Note [INLINE for small functions]
Consider        {-# INLINE f #-}
                f x = Just x
                g y = f y
Then f's RHS is no larger than its LHS, so we should inline it into
even the most boring context.  In general, f the function is
sufficiently small that its body is as small as the call itself, the
inline unconditionally, regardless of how boring the context is.

Things to note:

(1) We inline *unconditionally* if inlined thing is smaller (using sizeExpr)
    than the thing it's replacing.  Notice that
      (f x) --> (g 3)             -- YES, unconditionally
      (f x) --> x : []            -- YES, *even though* there are two
                                  --      arguments to the cons
      x     --> g 3               -- NO
      x     --> Just v            -- NO

    It's very important not to unconditionally replace a variable by
    a non-atomic term.

(2) We do this even if the thing isn't saturated, else we end up with the
    silly situation that
       f x y = x
       ...map (f 3)...
    doesn't inline.  Even in a boring context, inlining without being
    saturated will give a lambda instead of a PAP, and will be more
    efficient at runtime.

(3) However, when the function's arity > 0, we do insist that it
    has at least one value argument at the call site.  (This check is
    made in the UnfWhen case of callSiteInline.) Otherwise we find this:
         f = /\a \x:a. x
         d = /\b. MkD (f b)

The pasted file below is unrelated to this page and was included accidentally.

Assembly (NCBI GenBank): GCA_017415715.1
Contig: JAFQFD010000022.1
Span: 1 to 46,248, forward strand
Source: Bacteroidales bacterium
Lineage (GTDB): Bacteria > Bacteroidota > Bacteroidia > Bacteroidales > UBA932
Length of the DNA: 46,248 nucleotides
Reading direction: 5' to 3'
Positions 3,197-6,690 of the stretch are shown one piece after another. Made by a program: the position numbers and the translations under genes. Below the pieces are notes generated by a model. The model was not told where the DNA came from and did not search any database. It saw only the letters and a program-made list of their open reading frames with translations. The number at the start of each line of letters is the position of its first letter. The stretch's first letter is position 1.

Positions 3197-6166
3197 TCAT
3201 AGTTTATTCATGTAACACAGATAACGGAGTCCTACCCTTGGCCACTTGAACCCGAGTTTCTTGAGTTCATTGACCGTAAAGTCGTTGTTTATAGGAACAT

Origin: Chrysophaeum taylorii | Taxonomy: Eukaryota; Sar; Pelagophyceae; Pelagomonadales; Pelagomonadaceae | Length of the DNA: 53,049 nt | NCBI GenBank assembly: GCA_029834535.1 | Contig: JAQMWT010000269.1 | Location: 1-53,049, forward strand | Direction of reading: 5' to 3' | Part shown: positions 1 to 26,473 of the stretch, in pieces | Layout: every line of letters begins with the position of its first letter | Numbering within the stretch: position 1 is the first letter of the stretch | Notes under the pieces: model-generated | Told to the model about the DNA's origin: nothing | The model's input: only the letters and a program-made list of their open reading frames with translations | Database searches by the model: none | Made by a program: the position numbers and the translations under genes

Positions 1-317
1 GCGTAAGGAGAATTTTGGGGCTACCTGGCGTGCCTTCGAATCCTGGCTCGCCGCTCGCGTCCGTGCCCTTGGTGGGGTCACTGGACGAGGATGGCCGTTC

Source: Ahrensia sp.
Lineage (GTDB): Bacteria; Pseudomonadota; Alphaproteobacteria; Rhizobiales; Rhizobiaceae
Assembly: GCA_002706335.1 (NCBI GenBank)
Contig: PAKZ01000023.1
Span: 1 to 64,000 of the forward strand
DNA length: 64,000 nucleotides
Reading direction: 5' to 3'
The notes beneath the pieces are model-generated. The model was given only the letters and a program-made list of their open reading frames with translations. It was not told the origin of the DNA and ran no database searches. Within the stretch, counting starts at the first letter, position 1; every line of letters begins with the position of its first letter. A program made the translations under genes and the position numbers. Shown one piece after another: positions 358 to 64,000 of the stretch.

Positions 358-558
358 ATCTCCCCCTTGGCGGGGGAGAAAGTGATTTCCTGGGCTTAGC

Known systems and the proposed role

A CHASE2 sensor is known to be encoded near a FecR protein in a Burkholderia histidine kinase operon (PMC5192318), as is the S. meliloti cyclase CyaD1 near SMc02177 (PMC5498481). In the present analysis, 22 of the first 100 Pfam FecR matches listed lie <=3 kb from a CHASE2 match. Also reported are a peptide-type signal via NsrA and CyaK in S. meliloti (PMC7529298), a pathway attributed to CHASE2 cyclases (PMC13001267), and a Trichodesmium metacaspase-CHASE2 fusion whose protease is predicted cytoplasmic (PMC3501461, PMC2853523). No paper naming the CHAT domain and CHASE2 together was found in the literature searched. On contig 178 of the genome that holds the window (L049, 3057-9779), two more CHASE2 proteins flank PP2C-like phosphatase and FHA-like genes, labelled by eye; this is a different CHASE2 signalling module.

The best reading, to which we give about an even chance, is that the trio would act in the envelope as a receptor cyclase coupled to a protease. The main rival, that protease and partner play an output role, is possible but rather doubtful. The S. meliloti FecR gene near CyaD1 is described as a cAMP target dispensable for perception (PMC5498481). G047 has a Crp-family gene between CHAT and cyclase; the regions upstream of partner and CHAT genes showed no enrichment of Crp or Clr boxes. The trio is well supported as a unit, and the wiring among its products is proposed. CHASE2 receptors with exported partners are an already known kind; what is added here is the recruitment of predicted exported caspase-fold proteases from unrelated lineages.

If we inline f here we get
         d = /\b. MkD (\x:b. x)
    and then prepareRhs floats out the argument, abstracting the type
    variables, so we end up with the original again!

(4) We must be much more cautious about arity-zero things. Consider
       let x = y +# z in ...
    In *size* terms primops look very small, because the generate a
    single instruction, but we do not want to unconditionally replace
    every occurrence of x with (y +# z).  So we only do the
    unconditional-inline thing for *trivial* expressions.

    NB: you might think that PostInlineUnconditionally would do this
    but it doesn't fire for top-level things; see SimplUtils
    Note [Top level and postInlineUnconditionally]

uncondInline :: CoreExpr -> Arity -> Int -> Bool
-- Inline unconditionally if there no size increase
-- Size of call is arity (+1 for the function)
-- See Note [INLINE for small functions]
uncondInline rhs arity size
  | arity > 0 = size <= 10 * (arity + 1) -- See Note [INLINE for small functions] (1)
  | otherwise = exprIsTrivial rhs        -- See Note [INLINE for small functions] (4)

sizeExpr :: DynFlags
         -> FastInt         -- Bomb out if it gets bigger than this
         -> [Id]            -- Arguments; we're interested in which of these
                            -- get case'd
         -> CoreExpr
         -> ExprSize

-- Note [Computing the size of an expression]

sizeExpr dflags bOMB_OUT_SIZE top_args expr
  = size_up expr
    size_up (Cast e _) = size_up e
    size_up (Tick _ e) = size_up e
    size_up (Type _)   = sizeZero           -- Types cost nothing
    size_up (Coercion _) = sizeZero
    size_up (Lit lit)  = sizeN (litSize lit)
    size_up (Var f) | isRealWorldId f = sizeZero
                      -- Make sure we get constructor discounts even
                      -- on nullary constructors
                    | otherwise       = size_up_call f [] 0

    size_up (App fun arg)
      | isTyCoArg arg = size_up fun
      | otherwise     = size_up arg  `addSizeNSD`
                        size_up_app fun [arg] (if isRealWorldExpr arg then 1 else 0)

    size_up (Lam b e)
      | isId b && not (isRealWorldId b) = lamScrutDiscount dflags (size_up e `addSizeN` 10)
      | otherwise = size_up e

    size_up (Let (NonRec binder rhs) body)
      = size_up rhs             `addSizeNSD`
        size_up body            `addSizeN`
        (if isUnLiftedType (idType binder) then 0 else 10)